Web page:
Know Your Net

[Continued from the post Step Onto The Field]
One of the reasons I adore working with Skip in our company, Flipped Start-Up, is that he requires me to look deeper into my assertions. He routinely asks me to explain, expand, question, re-consider, and dive deeper into my thoughts and perceptions. For instance, yesterday he read my post, Step Onto The Field, about actor auditions and entrepreneur pitches. Today he sent a response with 10 questions that made my brow knit and will give me blog fodder for weeks.

For instance, in the post I wrote this:

Auditors want actors to succeed. They want to be engaged, surprised, and swept into an honest moment. They want to meet the actor on the field of possibility. They want access into the story and the door is always honest action.

His questions: What is an honest moment? Is there a difference between an honest moment and an honest action?

I had a few great mentors in the theatre and they taught me that the art of acting was the art of presence. For instance, it is a common misperception that acting is about pretending. It is not. Acting as defined by my masters is the honest pursuit of an intention in imaginary circumstances. An actor that pretends to pursue their intention actually prohibits the audience from participating in the story. It is the actor’s honest pursuit of their intention that opens the story door for the audience. Athletes do not pretend to play the game. They play. They play to win and that is what keeps the fans invested. The game is real. The same is true for actors. The game is real. They know their goal, how to score points, and what they need to do to win. The action is honest.

So my first stab at Skip’s question is this: an honest moment is to be fully present – as an athlete is fully present – within imagined circumstances. It may come as a shock but the world series or the world cup or the super bowl are made-up circumstances, just as is Hamlet’s Denmark. We believe that the made-up circumstance is real when the pursuit on the field is real. Next year there will be another world series winner just as 200 years from now there will be another production of Hamlet.

David Miller takes his student actors to hockey games so they can see honest action in the pursuit of a real goal. Get the puck into the net. The play called “hockey” is about getting the puck into the net more times than the other team (Note: the rules of the game are made up. In the theatre, the rules of the game are called “circumstance.”). David is a brilliant teacher who knows that young actors have been steeped in the language of pretending. Their actions are often dishonest because they are invested in being liked by the audience instead of knowing the power and simplicity of playing to get the puck into the net. The net is not as apparent for actors but no less essential to their action.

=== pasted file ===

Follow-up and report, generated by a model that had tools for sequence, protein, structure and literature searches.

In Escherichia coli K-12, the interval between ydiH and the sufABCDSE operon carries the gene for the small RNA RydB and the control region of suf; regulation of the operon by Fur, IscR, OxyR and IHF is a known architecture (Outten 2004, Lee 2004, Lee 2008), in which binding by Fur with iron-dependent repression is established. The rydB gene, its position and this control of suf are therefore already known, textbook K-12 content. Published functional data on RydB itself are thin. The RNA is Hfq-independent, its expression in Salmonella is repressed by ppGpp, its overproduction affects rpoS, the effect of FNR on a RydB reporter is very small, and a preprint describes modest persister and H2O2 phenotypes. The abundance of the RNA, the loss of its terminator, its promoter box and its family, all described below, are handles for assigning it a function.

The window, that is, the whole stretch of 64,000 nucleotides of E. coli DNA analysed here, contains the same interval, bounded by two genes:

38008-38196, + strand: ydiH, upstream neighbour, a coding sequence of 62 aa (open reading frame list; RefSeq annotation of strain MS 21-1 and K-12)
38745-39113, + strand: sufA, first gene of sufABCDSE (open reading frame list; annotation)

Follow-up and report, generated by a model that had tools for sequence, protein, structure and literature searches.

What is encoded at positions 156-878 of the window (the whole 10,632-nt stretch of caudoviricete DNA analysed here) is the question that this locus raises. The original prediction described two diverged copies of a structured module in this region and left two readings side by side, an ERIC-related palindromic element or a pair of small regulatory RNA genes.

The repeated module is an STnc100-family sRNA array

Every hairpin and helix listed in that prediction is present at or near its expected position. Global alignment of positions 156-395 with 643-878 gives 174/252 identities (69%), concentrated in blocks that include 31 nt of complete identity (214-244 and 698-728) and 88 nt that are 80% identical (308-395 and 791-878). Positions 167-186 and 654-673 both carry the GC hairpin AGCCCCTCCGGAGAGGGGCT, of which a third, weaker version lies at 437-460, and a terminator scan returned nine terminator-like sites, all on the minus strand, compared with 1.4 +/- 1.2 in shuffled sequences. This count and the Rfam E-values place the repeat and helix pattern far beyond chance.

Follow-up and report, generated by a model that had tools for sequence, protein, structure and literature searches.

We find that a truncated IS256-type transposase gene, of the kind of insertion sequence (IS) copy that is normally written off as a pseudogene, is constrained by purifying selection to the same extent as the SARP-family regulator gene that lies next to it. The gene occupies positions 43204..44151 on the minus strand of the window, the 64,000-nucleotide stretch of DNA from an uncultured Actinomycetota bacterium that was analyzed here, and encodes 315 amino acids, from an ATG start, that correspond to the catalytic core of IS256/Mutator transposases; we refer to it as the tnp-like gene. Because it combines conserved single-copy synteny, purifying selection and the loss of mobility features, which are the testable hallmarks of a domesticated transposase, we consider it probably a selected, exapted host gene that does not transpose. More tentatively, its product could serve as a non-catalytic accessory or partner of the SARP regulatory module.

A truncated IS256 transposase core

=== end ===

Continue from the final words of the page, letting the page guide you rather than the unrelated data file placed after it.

Entrepreneurs have the same problem as young actors. They rarely recognize the game and moment-to-moment have no clue where to find their net. Many times they don’t even know how to locate the ice rink. They don’t see that their circumstance is as made-up as any other game. Consequently, they pretend. They play the role of CEO or CTO (made up roles for a start up) and want their audience to like them. Being liked is not the net. They want their audience to think they know what they are doing. Knowing what they are doing is not the net. They pretend to participate in accelerator programming only because that may lead to funding. Their actions are consequently dishonest.

Shifting the circumstance might illuminate the point: I just had dinner with a college student who told me his classes were worthless. He was bored. I asked him why he continued to go to school and he told me that he had to play the game if he wanted a degree because a degree would get him a better job. He thinks the net is a better job and so is dishonest in his action. He thinks the game is “get a degree.” So, he pretends. He thinks his boredom is the fault of the university. It is not. He thinks he is being forced to participate. He is not. College students have been anesthetized to think that a better job is the net. It is not. They think someone else has what they seek and over look the mindset necessary to live a vital life (which is the same mindset required to really learn as opposed to pretend to learn). The net is their mindset. This same concept applies to entrepreneurs. The net is their mindset.

[to be continued….]

For a humorous look at the wonderful world of innovation and new ventures, check out my new comic strip Fl!p and the gang at Fl!p Comics.

One Response

  1. REALLY clear and helpful, David. I’m going to be thinking about the net for a while. Wonderful analogy!

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